III. By a decision delivered orally on 18 October 1988, with written reasons posted on 8 December 1988, the Opposition Division rejected the Opposition. The Opposition Division held that the subject-matter of the disputed patent was novel in the light of Example M of document (1) since the composition disclosed therein did not contain an ashless dispersant and the concentration of the dispersant present in said composition fall outside the range claimed in the present Claim 1.
The Opposition Division also considered that it was surprising that a lubricating oil composition containing an uncomplexed dispersant and an oil-soluble copper compound was at least as effective as the one containing a complexed dispersant prepared by a tedious process involving heating the components for a period of hours.
The Opposition Division further held that it was not obvious from the state of the art that the combination of an oil-soluble copper compound with a zinc dihydrocarbyl dithiophosphate (ZDDP) would effectively counteract the oxidation due to the use of oxidation inducing dispersants.
IV. A notice of appeal was filed against this decision on 8 February 1989 with the payment of the prescribed fee. In his statement of grounds of appeal filed on 18 April 1989 and during the oral proceedings held on 16 October 1990, the Appellant maintained that the claimed subject-matter lacked novelty in the light of disclosure in document (1), particularly having regard to Appendices J and O filed with his statement of grounds. Furthermore, the Appellant argued that the common usage of the expression "ashless dispersant" would include the complexes of document (1). However, even if these complexes are not considered to be ashless, nevertheless the ligand is and meets the requirements of component A(i) of the disputed patent.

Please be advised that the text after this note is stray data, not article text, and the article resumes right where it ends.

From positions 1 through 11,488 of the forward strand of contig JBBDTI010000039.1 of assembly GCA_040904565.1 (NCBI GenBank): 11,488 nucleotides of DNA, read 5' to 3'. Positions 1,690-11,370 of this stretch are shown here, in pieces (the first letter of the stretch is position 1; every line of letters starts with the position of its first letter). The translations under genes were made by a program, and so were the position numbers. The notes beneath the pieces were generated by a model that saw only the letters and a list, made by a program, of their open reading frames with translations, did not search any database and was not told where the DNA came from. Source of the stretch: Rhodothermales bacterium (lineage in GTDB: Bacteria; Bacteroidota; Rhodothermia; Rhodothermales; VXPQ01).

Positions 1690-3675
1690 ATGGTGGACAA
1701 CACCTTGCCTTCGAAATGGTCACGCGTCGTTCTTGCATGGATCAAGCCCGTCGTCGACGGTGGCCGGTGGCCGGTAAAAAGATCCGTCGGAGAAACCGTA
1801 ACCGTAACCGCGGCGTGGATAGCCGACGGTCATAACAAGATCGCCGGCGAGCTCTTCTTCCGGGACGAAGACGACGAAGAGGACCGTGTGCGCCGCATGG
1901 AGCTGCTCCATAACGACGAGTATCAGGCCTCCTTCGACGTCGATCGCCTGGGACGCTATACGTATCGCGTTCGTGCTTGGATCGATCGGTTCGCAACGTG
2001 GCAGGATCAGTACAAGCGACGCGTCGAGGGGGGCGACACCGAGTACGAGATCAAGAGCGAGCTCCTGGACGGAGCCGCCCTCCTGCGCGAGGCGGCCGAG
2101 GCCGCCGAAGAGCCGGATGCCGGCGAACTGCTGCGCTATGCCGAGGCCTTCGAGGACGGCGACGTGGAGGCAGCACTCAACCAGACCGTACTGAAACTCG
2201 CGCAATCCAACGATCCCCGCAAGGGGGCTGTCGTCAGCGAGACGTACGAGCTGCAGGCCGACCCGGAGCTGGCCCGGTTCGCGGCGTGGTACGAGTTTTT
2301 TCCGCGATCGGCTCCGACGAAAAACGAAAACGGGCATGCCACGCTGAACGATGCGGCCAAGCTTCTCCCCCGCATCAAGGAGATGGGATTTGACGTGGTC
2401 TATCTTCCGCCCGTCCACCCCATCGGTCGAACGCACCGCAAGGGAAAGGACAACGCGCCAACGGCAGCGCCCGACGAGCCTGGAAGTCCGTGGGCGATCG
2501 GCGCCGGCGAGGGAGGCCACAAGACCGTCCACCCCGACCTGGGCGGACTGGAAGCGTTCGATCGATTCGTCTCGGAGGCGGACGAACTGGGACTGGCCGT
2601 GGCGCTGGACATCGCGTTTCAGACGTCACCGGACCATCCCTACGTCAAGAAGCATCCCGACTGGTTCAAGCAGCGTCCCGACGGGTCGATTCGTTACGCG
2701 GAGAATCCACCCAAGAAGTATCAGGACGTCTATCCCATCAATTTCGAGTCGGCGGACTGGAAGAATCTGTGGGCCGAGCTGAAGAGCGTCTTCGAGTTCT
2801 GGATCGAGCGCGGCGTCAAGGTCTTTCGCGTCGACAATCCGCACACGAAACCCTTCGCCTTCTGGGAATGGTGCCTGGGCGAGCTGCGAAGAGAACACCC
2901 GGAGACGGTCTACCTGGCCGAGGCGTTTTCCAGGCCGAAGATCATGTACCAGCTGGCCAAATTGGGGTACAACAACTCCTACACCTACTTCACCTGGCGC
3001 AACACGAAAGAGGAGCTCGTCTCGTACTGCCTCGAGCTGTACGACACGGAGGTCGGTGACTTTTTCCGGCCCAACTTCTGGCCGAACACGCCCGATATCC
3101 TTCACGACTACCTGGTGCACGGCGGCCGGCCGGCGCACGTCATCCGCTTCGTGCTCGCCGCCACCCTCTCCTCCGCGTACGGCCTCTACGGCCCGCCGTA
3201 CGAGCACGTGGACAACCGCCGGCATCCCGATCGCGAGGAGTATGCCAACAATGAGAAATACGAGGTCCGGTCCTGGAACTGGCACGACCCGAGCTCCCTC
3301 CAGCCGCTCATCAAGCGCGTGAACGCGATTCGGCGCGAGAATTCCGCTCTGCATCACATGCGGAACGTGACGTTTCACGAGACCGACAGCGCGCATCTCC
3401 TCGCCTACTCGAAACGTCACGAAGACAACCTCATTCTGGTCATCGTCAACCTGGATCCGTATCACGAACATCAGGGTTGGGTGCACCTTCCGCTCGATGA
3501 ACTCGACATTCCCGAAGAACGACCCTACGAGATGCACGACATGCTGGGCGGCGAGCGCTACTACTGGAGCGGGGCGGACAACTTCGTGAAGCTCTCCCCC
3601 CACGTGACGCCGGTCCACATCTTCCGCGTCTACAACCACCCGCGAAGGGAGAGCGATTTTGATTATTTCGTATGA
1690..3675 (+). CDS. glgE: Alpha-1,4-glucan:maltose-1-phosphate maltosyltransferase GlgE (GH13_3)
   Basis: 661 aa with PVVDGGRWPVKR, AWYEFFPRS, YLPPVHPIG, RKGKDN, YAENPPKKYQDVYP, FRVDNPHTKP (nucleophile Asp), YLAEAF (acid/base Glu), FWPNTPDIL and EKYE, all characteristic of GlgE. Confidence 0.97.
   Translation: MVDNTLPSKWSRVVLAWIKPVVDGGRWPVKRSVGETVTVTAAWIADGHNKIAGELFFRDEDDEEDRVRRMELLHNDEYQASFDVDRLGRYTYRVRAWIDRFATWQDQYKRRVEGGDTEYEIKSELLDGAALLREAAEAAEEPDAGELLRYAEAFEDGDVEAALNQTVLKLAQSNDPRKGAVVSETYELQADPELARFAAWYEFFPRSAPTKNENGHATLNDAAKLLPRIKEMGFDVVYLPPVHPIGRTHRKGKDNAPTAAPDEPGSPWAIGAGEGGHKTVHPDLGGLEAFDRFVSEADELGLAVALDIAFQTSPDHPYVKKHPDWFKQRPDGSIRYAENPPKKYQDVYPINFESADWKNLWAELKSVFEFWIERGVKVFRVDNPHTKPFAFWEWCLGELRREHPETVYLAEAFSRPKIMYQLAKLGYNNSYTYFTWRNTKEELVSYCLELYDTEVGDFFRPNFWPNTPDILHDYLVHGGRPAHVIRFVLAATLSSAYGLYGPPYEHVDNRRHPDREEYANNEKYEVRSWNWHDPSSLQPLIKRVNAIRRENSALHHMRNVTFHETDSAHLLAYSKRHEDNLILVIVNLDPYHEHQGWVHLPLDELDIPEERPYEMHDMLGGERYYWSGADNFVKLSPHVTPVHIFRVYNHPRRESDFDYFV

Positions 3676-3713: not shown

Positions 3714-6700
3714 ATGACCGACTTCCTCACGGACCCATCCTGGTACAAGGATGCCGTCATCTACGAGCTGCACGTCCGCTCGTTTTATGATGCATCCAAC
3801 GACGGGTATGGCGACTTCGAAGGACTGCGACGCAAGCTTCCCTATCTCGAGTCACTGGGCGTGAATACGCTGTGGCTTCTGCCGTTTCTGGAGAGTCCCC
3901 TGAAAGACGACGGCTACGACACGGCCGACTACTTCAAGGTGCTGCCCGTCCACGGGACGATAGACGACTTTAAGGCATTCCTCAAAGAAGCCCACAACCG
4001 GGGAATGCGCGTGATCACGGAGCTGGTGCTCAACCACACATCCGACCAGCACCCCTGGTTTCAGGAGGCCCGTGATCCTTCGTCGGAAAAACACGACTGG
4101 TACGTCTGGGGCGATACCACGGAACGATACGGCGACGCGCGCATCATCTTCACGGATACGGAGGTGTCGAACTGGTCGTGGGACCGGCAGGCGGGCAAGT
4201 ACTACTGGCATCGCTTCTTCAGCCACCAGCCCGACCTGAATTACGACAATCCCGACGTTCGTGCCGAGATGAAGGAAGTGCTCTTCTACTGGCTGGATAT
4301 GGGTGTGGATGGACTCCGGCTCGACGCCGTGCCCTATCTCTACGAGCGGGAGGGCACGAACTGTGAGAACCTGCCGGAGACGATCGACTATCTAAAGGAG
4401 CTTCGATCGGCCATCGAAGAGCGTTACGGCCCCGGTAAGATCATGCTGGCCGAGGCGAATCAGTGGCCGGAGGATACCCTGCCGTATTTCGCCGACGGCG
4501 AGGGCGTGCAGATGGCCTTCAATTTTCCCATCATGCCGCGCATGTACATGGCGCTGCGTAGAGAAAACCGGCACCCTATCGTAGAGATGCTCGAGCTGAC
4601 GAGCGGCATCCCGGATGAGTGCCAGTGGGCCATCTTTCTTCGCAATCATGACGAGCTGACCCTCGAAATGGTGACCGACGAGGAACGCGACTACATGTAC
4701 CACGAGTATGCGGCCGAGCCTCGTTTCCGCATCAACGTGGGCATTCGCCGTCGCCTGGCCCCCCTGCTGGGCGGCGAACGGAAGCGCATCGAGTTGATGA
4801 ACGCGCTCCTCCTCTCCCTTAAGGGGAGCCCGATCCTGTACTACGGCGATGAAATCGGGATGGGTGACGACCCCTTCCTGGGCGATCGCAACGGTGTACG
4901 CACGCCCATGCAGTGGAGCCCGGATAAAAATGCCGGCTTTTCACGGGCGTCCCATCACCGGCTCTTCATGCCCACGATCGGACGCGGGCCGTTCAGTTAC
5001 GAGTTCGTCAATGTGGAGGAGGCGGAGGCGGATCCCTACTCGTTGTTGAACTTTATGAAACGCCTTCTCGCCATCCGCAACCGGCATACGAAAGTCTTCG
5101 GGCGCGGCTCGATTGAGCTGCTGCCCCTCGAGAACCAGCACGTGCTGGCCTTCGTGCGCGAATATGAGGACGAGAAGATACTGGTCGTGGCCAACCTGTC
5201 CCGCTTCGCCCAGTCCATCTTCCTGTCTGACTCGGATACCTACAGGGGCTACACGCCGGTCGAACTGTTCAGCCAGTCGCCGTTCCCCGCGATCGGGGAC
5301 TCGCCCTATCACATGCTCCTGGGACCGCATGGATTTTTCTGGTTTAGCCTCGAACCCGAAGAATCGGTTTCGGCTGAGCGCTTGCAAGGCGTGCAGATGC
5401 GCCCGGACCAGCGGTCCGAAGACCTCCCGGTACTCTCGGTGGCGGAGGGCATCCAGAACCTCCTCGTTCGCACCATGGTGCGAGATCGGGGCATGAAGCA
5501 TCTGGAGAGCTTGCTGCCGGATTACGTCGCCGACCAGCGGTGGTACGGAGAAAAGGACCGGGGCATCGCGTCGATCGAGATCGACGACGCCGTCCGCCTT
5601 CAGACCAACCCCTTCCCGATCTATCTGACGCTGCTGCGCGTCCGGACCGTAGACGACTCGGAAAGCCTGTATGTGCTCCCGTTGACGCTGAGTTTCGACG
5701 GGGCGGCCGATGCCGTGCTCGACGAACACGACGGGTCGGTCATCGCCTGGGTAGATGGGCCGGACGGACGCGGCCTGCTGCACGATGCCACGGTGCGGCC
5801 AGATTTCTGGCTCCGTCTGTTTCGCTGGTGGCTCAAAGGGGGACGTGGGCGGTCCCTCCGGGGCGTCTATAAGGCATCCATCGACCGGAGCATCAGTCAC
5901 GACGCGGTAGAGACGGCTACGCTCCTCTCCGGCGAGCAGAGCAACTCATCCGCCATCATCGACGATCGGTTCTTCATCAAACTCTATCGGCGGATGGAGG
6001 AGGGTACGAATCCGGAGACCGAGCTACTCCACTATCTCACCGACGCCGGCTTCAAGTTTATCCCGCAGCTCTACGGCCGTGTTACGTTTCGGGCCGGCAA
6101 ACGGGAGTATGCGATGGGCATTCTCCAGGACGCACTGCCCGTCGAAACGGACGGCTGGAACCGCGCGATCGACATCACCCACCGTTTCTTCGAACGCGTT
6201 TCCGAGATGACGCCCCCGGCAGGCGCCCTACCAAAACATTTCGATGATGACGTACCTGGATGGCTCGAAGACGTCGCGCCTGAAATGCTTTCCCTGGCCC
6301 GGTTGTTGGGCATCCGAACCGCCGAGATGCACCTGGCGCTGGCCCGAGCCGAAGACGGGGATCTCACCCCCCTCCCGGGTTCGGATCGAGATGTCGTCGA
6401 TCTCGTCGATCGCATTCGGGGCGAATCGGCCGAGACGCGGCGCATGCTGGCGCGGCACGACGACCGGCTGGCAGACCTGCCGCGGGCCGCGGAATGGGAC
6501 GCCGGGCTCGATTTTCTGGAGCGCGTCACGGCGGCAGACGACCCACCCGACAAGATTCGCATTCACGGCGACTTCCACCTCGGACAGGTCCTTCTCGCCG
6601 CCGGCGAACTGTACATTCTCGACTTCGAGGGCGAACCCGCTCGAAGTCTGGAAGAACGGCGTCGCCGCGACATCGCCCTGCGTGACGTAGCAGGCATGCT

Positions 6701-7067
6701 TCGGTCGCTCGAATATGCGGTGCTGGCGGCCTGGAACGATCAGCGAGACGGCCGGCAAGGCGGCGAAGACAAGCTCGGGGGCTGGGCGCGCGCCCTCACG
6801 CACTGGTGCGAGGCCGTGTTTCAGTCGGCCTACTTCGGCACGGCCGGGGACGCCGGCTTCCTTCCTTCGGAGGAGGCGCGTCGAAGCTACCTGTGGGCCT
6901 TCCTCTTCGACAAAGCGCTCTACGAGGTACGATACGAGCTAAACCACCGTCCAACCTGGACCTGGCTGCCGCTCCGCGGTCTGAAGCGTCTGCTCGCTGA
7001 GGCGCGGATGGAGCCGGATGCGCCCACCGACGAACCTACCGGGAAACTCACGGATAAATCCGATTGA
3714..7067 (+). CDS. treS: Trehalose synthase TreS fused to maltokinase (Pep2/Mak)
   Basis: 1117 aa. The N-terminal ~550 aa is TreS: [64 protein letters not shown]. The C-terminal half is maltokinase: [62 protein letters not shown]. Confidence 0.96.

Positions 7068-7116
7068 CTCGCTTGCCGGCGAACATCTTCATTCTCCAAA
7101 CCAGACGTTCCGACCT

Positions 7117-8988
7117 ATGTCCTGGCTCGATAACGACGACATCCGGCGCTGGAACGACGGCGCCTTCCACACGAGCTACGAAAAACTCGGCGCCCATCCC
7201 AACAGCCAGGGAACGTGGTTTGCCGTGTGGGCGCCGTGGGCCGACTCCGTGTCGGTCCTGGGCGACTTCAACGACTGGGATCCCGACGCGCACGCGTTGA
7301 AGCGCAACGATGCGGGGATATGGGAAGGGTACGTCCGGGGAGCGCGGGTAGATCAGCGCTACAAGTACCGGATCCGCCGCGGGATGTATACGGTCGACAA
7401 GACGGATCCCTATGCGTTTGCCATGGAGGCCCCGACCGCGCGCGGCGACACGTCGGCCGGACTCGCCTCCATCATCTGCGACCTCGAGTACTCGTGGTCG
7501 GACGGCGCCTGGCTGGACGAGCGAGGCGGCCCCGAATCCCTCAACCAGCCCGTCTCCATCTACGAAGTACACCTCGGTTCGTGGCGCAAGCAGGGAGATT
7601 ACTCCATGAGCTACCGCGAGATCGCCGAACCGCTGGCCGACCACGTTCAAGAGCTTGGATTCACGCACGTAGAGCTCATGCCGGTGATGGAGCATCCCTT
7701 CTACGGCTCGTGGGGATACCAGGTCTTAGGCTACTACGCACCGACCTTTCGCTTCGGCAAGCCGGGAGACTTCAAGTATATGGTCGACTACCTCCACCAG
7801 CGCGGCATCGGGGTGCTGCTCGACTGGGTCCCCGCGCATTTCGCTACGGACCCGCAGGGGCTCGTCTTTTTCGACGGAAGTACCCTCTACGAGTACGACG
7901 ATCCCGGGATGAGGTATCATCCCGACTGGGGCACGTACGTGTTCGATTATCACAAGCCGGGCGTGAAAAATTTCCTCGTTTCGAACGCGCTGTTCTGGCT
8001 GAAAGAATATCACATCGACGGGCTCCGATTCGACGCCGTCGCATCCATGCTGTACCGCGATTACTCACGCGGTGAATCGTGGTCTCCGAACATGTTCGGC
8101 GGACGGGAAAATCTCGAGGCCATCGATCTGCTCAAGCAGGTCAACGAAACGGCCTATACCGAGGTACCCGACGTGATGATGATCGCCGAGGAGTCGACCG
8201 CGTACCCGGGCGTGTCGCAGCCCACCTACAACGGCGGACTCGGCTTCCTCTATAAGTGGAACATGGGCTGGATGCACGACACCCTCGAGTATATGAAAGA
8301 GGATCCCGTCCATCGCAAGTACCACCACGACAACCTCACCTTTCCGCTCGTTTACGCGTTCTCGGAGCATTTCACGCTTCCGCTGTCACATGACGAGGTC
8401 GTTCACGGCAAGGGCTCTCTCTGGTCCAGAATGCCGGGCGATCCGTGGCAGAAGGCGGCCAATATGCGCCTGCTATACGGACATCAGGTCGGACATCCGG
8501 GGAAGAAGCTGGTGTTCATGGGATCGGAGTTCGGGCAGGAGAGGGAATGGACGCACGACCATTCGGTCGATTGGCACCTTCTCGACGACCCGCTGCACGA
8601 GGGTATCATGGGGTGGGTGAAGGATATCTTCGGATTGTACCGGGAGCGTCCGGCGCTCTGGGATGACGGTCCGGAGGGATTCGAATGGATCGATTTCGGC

The Appellant also contended that the subject-matter of the disputed patent did not involve an inventive step in the light of the combined teaching of documents (10) and (3) since it was obvious to add an antioxidant known from document (3) to the lubricating oil compositions disclosed in document (10). The fact that document (3) was published in 1944 could not be considered as a hindrance to the use of copper since documents (4), (6), (1), (11) and (5) which were published in 1951, 1966, 1967, 1967 and 1978 respectively, also indicate that copper is an antioxidant and/or used as an additive in lubricating oils. Moreover, the use of engines operating under more severe conditions and the requirement of meeting current performance levels in various tests would encourage the skilled worker to look back at known antioxidants.
The Patentee has provided no evidence to prove that the claimed lubricating compositions have an outstanding effect with respect to those disclosed in document (1). In fact, Appellant's Appendix N clearly shows that the compositions of document (1) are as effective as the present ones.
IV. During the appeal proceedings the Respondent referred to the following additional documents:
(5A) pages 157 to 163 of document (5) (7A) Lubricant Additives, C.V. Smalheer and R. Kennedy Smith, pages 2 to 7, 1967 and (36) SAE Paper No. 700 507, 18-20 May 1970.
In his response to the statement of ground of appeal and during the oral proceedings, the Respondent contended that the analytical data provided by the Appellant and himself did not demonstrate that the disclosure of document (1) anticipates the compositions and concentrates of the patent in suit. The Respondent considered that the complexes of document (1) are not ashless dispersants and are not chemically equivalent to blends of oil-soluble copper compounds and ashless dispersants. Therefore, neither the general disclosure nor the specific disclosure of document (1) destroyed the novelty of the claimed subject-matter.